Cisco is advising users to disable the switches.

Edward Gately, Senior News Editor

July 6, 2023

2 Min Read
Cisco security alert "significant"
Lemonsoup14/Shutterstock

A Cisco security alert warns of a high-severity vulnerability in its Nexus 9000 series switches that could allow unauthenticated attackers to intercept and modify traffic.

Tracked as CVE-2023-20185, this vulnerability is due to an issue with the implementation of the ciphers that are used by the CloudSec encryption feature on affected switches. An attacker with an on-path position between the application centric infrastructure (ACI) sites could exploit this vulnerability by intercepting intersite encrypted traffic and using cryptanalytic techniques to break the encryption.

Cisco sent us the following statement:

“Cisco is committed to transparency. When security issues arise, we handle them openly and as a matter of top priority, so our customers understand the issue and how to address it. On July 5, Cisco published a security advisory disclosing a vulnerability in the Cisco ACI Multi-Site CloudSec encryption feature of Cisco Nexus 9000 Series Fabric Switches in ACI mode that could allow an unauthenticated, remote attacker to read or modify intersite encrypted traffic. Customers currently using the Cisco ACI Multi-Site CloudSec encryption feature on select Nexus Series Switches and Line Cards are advised to disable this feature and to contact their Cisco support organization to evaluate alternative options. Please refer to the security advisory for additional detail.”

Cisco has not released software updates that address this vulnerability. In addition, there are no workarounds that address this vulnerability.

Vulnerability a ‘Significant Issue’

John Bambenek, principal threat hunter at Netenrich, said he’s not sure he’s ever seen a vendor say there are no updates, and that they should unplug the device and find another product instead.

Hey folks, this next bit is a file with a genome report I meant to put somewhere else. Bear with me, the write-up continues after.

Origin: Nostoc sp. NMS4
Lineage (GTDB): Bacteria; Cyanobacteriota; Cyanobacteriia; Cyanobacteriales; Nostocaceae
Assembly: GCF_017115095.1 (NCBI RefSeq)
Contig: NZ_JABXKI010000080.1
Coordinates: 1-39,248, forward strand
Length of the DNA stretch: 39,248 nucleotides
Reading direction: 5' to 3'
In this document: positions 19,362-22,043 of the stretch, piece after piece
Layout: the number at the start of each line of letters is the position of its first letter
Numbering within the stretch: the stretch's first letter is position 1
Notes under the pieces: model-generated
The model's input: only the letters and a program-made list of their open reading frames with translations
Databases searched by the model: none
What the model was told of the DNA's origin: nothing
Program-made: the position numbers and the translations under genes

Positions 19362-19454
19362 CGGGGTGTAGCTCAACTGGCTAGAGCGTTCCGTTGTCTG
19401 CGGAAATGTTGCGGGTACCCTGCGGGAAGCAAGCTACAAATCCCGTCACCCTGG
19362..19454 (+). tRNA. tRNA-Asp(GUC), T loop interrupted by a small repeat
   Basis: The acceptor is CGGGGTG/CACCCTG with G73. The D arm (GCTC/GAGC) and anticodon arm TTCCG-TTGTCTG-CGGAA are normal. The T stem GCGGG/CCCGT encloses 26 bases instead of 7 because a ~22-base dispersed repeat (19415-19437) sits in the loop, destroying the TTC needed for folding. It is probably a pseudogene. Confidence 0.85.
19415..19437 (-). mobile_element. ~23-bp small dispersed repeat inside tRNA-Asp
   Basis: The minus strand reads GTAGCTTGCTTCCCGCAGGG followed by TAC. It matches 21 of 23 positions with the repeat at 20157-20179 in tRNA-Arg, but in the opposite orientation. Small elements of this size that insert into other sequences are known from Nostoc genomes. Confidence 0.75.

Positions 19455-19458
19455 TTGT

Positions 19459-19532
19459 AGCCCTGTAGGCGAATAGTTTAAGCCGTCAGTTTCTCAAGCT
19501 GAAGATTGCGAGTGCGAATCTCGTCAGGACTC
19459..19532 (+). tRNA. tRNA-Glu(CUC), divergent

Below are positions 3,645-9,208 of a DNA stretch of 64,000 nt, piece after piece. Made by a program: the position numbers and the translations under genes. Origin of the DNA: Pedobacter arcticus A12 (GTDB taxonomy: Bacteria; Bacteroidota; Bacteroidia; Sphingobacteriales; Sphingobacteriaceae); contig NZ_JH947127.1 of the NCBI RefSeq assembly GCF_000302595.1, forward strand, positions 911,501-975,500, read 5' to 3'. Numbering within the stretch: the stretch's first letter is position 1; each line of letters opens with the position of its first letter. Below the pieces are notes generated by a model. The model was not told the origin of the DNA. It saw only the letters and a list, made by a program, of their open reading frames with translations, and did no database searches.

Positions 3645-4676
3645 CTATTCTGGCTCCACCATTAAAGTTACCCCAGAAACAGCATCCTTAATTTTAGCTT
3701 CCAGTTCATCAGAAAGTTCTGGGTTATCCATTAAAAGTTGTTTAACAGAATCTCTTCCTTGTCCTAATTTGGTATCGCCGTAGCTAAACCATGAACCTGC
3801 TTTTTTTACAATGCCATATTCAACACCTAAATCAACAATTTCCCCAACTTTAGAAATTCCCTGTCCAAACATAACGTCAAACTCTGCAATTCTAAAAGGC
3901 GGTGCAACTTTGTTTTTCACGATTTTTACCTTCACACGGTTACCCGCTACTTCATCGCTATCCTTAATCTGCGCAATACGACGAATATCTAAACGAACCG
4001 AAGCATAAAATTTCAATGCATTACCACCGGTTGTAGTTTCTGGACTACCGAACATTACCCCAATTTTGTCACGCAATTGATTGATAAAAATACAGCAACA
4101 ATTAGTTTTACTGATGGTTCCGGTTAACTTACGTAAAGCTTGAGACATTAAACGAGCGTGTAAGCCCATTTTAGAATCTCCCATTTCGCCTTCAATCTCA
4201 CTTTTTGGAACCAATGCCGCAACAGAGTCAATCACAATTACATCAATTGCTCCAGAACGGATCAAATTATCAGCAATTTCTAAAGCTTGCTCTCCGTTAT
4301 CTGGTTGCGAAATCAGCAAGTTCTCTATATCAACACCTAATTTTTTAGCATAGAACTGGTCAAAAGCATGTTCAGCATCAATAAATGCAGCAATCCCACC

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Netenrich’s John Bambenek

“Being able to intercept and decrypt (and potentially modify traffic) is a significant issue, especially in data centers where sensitive data is stored and accessed,” he said. “For Cisco to tell its customers to disable the device tells me all I need to know about the severity of this vulnerability and I would advise anyone to contact support to figure out how to move forward.”

Phil Neray, vice president of cyber defense strategy at CardinalOps, said the advisory is “deliberately vague” about the weakness in Cisco’s encryption algorithm that would allow an adversary to read or modify the traffic.

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CardinalOps’ Phil Neray

“It is a serious issue because it enables adversaries to access sensitive data as well as move laterally across the network,” he said. “Cisco recommends disabling the feature and contacting support to evaluate alternative options, which are also not described in order to prevent adversaries from exploiting them as well.”

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About the Author(s)

Edward Gately

Senior News Editor, Channel Futures

As news editor, Edward Gately covers cybersecurity, new channel programs and program changes, M&A and other IT channel trends. Prior to Informa, he spent 26 years as a newspaper journalist in Texas, Louisiana and Arizona.

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